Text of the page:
Swimming: Relaxed Mudie wins 6km

By Gary Hamilton-Irvine

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The 35th annual Lake Rotoma Kiwanis Open Water Swim event was held yesterday. Photo / Stephen Parker
The 35th annual Lake Rotoma Kiwanis Open Water Swim event was held yesterday. Photo / Stephen Parker

Water and electricity don't usually go together. But try telling that to Wairakei Power Station worker Alan Mudie.

Mudie, from Ngakuru, won the 6km men's race at the 35th annual Lake Rotoma Kiwanis Open Water Swim event yesterday.

He said he enjoyed the relaxed environment yesterday and just wanted to get out and enjoy himself.

"There is a good community of open water swimmers out here. It is more your grown-ups rather than the young skinny guys you can't keep up with," he said with a laugh.

It was the first time he has taken part in the event on Lake Rotoma, between Whakatane and Rotorua.

Mudie was one of about 150 swimmers taking part in the Lake Rotoma Swim event yesterday which included distances from 100m right up to 10km.

Meanwhile, the winner of the women's 6km race, one of the premier races at the event, was Hamilton's Rebecca Ferbuyt.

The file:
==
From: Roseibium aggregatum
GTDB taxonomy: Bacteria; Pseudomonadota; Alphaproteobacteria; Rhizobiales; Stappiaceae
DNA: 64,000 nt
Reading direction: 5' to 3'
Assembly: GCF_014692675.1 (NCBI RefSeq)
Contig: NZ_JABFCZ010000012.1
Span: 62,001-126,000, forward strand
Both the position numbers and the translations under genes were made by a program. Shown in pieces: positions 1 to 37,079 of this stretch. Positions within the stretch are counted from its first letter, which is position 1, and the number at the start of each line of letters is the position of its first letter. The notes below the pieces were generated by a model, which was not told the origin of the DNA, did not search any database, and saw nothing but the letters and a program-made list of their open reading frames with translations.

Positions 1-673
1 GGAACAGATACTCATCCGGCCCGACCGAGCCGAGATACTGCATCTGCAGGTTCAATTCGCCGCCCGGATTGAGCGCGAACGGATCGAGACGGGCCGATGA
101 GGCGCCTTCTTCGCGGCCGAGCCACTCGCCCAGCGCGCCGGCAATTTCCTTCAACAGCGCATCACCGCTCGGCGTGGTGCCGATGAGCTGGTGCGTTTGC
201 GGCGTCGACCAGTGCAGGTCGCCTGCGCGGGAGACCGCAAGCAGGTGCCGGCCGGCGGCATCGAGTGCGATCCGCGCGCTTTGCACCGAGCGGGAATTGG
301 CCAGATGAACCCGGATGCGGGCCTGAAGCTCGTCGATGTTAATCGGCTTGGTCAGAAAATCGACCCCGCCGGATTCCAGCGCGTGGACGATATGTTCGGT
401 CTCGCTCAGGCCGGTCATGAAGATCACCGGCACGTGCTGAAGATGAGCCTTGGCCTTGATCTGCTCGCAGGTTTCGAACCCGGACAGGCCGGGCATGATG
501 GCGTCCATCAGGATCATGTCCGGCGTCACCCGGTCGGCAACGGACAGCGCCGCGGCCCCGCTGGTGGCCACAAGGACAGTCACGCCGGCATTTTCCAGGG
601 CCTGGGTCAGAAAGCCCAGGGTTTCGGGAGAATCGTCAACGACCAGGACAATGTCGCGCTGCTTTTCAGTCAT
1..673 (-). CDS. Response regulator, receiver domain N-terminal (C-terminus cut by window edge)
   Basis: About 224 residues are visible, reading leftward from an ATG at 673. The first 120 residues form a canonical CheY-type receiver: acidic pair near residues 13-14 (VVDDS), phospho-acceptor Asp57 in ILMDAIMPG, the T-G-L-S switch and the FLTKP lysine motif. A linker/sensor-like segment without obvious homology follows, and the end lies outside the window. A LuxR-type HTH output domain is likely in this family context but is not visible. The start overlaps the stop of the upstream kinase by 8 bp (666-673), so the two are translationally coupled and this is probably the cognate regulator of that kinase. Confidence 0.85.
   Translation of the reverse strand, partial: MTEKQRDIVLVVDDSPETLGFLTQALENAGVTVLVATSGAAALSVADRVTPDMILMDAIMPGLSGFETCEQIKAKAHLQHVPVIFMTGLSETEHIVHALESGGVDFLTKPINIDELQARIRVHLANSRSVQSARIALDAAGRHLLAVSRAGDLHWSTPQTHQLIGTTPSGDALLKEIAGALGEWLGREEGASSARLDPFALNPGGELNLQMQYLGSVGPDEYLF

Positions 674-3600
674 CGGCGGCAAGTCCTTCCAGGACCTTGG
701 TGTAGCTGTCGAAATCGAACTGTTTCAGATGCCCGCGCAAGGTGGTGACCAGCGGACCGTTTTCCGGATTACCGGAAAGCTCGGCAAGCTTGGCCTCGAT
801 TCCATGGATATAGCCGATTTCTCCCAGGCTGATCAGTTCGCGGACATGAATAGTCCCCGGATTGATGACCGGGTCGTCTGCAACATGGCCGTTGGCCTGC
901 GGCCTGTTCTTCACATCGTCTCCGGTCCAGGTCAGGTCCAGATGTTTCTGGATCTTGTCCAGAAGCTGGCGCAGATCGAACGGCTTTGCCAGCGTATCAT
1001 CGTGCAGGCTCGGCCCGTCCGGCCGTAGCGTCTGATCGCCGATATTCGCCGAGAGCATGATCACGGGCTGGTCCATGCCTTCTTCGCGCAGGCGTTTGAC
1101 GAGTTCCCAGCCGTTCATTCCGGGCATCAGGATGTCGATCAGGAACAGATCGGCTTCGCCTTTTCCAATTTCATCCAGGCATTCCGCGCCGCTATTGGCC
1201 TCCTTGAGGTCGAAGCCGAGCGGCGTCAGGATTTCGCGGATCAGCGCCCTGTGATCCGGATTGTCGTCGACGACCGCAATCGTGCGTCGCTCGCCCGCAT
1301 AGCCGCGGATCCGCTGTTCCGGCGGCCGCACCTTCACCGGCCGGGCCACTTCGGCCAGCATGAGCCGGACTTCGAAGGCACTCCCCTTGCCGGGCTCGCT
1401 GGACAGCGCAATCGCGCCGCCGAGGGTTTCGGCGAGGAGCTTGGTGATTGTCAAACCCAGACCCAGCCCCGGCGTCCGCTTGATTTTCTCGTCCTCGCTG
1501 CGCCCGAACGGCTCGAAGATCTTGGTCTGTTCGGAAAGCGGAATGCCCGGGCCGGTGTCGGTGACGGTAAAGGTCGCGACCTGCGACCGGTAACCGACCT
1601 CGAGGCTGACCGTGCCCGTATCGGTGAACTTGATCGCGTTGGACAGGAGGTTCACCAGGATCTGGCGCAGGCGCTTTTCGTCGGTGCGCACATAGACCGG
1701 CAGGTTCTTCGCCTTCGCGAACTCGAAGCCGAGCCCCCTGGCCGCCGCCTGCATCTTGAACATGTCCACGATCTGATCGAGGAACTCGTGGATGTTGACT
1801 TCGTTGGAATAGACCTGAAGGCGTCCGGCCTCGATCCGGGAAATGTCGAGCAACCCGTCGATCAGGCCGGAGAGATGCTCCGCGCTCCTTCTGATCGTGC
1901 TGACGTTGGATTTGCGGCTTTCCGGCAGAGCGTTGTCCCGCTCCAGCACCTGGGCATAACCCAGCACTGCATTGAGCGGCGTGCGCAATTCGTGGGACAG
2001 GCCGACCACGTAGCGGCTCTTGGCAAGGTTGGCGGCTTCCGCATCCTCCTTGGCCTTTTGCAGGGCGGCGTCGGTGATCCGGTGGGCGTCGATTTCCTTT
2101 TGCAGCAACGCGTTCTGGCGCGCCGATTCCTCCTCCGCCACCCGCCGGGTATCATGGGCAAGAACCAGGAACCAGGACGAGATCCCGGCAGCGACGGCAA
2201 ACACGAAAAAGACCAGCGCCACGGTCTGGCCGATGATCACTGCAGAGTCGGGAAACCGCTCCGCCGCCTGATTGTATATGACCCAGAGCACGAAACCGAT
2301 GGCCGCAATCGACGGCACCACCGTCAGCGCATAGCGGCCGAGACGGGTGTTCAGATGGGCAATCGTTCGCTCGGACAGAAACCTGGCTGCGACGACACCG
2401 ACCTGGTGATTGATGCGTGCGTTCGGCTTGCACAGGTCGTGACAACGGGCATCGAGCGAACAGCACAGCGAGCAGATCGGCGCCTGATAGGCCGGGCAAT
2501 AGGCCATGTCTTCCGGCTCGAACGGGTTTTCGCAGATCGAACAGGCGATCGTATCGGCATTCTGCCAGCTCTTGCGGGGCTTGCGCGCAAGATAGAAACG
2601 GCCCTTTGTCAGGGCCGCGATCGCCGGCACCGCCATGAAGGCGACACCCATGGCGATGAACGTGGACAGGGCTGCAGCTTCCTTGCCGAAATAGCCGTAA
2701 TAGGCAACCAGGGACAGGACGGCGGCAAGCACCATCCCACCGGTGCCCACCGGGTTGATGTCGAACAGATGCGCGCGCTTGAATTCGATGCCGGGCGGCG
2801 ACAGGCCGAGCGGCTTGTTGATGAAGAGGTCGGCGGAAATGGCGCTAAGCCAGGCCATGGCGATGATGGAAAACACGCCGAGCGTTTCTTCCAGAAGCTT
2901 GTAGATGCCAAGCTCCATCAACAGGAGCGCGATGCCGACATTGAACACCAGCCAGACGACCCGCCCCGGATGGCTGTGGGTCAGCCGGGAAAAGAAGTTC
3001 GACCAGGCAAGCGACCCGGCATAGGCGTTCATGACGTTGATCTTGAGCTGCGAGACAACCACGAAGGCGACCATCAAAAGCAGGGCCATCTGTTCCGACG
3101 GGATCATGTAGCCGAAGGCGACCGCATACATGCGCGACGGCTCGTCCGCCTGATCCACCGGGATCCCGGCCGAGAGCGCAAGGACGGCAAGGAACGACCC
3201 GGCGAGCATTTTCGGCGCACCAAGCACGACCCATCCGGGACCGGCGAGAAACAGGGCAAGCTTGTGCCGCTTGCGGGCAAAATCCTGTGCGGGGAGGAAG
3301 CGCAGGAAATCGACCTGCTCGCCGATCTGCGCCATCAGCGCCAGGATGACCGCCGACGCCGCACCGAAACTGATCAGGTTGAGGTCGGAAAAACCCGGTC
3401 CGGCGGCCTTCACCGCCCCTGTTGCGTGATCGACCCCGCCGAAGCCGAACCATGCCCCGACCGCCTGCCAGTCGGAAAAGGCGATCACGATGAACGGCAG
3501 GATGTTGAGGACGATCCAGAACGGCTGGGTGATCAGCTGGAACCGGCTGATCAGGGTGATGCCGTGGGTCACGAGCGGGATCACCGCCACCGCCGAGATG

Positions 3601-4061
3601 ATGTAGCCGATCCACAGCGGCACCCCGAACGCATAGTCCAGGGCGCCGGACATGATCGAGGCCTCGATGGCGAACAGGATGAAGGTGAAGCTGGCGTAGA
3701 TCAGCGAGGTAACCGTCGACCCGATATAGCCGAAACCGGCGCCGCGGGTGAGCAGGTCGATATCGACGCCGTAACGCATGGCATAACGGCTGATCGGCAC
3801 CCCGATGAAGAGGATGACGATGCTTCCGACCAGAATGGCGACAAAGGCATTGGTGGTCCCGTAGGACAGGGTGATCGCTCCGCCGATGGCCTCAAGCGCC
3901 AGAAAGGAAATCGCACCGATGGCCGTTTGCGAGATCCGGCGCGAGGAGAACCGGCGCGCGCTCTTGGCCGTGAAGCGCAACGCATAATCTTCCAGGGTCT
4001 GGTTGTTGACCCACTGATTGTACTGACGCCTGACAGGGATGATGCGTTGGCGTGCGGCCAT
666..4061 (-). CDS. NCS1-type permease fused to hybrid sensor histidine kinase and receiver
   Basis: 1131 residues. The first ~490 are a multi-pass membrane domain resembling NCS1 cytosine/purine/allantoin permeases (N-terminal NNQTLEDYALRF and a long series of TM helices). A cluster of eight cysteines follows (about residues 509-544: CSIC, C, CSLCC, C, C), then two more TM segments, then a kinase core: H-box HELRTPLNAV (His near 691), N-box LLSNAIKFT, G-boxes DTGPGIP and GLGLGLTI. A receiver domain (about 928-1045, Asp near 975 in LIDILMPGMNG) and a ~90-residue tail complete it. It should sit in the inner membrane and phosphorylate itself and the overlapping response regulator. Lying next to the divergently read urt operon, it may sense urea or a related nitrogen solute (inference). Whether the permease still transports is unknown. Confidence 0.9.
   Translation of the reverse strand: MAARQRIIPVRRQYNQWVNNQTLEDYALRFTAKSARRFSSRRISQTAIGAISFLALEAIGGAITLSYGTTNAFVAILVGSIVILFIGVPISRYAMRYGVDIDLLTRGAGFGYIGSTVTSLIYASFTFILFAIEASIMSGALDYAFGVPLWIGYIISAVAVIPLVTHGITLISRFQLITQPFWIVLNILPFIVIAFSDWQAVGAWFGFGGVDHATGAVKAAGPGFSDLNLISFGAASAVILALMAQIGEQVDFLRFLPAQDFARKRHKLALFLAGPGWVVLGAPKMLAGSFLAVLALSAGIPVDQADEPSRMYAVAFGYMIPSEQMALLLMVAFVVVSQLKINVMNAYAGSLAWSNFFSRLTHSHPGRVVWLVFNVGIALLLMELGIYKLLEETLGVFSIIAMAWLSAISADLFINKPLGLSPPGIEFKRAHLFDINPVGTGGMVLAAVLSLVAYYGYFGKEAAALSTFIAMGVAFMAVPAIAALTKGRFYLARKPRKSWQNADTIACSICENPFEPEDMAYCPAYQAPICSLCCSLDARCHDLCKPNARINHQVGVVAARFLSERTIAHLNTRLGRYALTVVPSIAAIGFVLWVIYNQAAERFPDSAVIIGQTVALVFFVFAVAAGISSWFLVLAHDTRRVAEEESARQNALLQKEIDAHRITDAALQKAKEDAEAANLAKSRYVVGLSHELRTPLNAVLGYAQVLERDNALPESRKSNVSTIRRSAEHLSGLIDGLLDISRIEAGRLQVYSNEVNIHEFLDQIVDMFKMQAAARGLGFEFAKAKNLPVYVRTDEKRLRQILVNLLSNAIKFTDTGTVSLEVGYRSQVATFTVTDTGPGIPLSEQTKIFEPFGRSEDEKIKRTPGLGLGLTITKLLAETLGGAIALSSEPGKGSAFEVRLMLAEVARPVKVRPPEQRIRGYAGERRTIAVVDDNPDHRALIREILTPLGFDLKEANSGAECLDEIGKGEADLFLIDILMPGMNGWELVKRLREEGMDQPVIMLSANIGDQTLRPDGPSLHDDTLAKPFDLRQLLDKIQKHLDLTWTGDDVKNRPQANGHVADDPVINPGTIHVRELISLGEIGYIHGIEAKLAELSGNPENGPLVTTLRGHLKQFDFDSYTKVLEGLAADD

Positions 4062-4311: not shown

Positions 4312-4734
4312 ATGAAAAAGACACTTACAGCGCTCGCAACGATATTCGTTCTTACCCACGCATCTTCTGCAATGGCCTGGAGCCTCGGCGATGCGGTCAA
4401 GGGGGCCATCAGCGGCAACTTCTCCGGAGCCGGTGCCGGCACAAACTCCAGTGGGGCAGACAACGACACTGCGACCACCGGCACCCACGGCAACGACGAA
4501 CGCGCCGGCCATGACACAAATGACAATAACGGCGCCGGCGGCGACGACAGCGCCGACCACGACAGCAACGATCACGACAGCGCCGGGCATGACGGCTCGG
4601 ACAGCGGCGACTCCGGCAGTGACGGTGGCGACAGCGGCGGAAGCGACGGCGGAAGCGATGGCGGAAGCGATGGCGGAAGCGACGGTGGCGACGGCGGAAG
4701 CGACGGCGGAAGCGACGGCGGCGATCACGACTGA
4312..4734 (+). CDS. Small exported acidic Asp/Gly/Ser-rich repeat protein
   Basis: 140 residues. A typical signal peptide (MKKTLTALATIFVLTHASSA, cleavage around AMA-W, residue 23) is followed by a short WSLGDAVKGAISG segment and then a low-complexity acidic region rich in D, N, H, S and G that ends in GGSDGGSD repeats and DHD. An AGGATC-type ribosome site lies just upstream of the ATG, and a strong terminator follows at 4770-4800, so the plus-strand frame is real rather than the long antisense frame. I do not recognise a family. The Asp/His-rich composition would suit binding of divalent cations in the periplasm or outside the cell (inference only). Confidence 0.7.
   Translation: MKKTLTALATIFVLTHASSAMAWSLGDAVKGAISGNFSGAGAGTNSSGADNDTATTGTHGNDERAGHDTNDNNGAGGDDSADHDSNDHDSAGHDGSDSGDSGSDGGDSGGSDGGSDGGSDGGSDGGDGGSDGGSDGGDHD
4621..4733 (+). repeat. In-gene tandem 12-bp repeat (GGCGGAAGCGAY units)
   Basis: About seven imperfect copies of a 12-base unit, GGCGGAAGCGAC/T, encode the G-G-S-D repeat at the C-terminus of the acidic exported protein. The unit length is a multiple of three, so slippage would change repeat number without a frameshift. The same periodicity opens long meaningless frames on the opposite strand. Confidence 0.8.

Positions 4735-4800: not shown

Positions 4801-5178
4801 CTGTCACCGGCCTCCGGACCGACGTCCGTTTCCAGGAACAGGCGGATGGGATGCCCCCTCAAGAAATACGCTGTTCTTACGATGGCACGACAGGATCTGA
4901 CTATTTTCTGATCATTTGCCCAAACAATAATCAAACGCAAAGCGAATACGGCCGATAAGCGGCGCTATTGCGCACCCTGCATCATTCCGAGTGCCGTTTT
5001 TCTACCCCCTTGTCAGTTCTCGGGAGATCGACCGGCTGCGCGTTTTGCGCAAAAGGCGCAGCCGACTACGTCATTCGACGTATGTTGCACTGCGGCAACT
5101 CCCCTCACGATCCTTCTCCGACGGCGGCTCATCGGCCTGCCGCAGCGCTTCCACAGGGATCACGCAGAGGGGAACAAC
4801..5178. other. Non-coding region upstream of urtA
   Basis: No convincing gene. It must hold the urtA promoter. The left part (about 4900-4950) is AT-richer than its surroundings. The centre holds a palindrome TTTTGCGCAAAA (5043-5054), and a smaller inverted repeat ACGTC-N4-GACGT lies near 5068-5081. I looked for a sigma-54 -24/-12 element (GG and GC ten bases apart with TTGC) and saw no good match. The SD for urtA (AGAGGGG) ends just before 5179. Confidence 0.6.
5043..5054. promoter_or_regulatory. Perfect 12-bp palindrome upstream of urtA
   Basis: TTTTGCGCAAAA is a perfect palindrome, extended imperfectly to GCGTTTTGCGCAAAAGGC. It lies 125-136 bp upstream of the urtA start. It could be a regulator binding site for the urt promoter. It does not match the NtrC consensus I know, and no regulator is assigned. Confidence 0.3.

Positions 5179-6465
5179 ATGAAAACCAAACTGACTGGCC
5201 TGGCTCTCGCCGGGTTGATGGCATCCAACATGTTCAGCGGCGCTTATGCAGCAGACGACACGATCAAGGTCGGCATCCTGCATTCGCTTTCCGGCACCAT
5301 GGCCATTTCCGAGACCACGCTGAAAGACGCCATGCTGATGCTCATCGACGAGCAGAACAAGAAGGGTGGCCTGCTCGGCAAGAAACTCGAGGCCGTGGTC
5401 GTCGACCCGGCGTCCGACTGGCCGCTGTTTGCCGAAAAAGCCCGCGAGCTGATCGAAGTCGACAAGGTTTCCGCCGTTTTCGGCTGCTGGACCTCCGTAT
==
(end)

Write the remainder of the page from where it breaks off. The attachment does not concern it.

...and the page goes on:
Ferbuyt recently moved to New Zealand from England and heard about the Lake Rotoma Swim event through the Famously Rotorua Swim the Lakes Summer Series.

"I usually come second or third so first was good for a change," she said after winning the 6km race.

Ferbuyt explained in a lot of open water races you would be knocking into other swimmers and almost climbing over each other, but that was not the case yesterday.

"It was cruisy because there is so much space around the course," she said. "I will be doing it next year as well, but I might do the 10km."

Swimmers could choose to swim in either a wetsuit or togs, with winners acknowledged in both disciplines.

Kiwanis Club of Whakatane, who host the event each year, secretary Leigh Baker said the event had a long history on Lake Rotoma.

He said it started as a picnic decades ago.

"The Kiwanis were just a club of guys in Whakatane and they wanted to go for a swim in the fresh water, not the ocean.

"They had a picnic and got a couple of kids in here swimming, but the kids didn't know where to stop. They tried to get right across the lake."

He said since then they started putting out a set course for the children and it evolved over the years into the annual Lake Rotoma Kiwanis Open Water Swim. Plenty of children took part yesterday swimming in age group categories.

- Rotorua Daily Post

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